The matrix microphone 110 is positioned in a place in which the head of the user is expected when using the sound system. For example, in an example room shown in Fig. 2, there is a television set 121 with stereo surround sound loudspeakers 122 and a sofa 123 in front of the television set 121. The matrix microphone 110 is positioned at the sofa 123. The aim of the system is to determine the mathematical model of the room, which takes into account the positioning of walls 125 and other sound propagation disturbing elements of the room, such as furniture 124.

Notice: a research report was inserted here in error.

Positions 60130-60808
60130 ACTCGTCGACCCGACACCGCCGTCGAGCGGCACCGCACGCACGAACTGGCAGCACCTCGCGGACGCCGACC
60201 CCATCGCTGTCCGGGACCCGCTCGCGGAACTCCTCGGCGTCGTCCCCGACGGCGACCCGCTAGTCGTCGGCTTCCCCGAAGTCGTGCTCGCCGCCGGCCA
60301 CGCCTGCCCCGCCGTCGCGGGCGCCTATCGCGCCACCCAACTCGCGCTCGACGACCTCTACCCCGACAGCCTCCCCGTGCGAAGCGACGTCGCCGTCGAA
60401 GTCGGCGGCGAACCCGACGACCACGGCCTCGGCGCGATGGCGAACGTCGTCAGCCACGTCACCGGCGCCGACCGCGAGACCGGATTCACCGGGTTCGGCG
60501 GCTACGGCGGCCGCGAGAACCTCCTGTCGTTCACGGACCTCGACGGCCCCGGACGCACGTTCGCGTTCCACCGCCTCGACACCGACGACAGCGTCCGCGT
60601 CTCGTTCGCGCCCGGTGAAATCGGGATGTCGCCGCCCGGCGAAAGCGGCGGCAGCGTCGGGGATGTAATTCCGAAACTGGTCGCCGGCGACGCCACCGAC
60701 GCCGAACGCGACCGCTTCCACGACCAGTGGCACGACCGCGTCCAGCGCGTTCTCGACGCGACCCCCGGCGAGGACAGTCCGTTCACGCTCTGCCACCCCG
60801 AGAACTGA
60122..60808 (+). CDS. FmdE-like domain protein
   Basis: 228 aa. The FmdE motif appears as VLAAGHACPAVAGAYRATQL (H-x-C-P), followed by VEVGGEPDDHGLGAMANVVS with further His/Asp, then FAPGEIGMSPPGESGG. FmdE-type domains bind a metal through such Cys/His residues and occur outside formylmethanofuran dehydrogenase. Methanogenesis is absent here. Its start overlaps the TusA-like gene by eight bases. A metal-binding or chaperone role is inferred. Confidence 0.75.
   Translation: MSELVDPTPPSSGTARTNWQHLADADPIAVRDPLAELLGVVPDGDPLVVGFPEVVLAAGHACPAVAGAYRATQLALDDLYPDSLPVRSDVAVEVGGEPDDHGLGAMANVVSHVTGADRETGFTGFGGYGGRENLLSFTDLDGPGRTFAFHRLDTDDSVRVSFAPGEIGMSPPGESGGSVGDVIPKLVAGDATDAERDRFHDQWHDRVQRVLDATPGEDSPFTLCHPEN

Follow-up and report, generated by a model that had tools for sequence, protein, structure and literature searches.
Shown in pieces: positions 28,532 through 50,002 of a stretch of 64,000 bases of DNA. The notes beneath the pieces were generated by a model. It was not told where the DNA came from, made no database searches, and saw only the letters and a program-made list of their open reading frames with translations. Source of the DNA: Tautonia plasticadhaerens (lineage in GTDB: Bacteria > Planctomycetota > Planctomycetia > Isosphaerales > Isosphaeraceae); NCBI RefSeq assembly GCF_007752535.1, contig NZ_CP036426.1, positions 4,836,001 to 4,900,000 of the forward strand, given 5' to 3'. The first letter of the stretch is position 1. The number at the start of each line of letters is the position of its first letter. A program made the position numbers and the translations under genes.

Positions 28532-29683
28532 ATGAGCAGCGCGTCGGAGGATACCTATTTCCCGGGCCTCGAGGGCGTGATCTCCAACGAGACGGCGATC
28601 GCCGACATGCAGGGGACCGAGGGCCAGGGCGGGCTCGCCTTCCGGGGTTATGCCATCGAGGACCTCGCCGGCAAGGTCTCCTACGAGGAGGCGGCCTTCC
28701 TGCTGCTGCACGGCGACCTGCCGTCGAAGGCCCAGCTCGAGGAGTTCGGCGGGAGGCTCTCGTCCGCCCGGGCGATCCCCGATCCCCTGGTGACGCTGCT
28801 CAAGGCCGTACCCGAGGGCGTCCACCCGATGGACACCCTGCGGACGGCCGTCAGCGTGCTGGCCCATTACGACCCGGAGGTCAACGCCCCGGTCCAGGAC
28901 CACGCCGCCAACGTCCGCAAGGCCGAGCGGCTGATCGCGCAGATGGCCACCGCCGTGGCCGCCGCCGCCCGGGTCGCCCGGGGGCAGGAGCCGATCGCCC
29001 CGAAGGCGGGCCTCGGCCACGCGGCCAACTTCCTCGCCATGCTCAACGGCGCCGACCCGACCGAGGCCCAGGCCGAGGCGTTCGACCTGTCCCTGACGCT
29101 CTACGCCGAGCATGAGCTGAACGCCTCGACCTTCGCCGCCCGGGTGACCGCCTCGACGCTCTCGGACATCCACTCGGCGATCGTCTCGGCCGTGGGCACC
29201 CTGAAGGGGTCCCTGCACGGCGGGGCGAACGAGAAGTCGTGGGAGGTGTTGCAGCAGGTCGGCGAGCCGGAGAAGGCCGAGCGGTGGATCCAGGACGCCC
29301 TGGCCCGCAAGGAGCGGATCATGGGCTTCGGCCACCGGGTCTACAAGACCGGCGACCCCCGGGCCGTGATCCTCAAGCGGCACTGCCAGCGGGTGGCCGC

Fig. 3 presents a procedure for analysis of the environment. In step 301, a first speaker 122 is selected. Next, a plurality of sounds is emitted sequentially through that speaker 122, such that a sound from a first sub-band is emitted in step 302 and then the frequency is changed in step 304 until the whole desired acoustic band is examined. For example, the examined band of 20 Hz to 20 kHz can be divided in the following sub-bands: 20 to 500 Hz; 500 Hz to 1 kHz; I to 2 kHz; 2 to 4 kHz; 4 to 8 kHz; 8 to 12 kHz; 12 to 16 kHz; 16 to 20 kHz. In each band, a sound impulse is generated, for example of a frequency being the central frequency of the sub-band. The amplitude of the impulse may be a fraction of the maximum amplitude, e.g. 20% of the maximum amplitude. The duration of the impulse may depend on the size of the room. The impulse should be short, in order to allow to determine which sounds received by the microphone are received as direct sounds and which are reflected. Assuming that sound travels approximately 3,4m in 10 ms, the duration of the impulse shall be not longer than the time at which sound travels directly from the loudspeaker to the microphone. Therefore, if the distance L between the microphone 110 and the speaker 122 is 3,4 m, the sound impulse generated by that speaker 122 should have a duration of maximum 10ms. The parameters of sound generated are controlled by the sound generator 411. In step 303, the sound received by all microphones 112 of the matrix microphone 110 is registered by a sound recorder 412 and stored in a recording storage 413, for example for a time duration equal to a plurality of sound impulse durations, e.g. for 10 times longer, in order to register the direct and reflected sounds. The procedure continues in step 305 to generate sound via another speaker 122, until all speakers 122 are analyzed.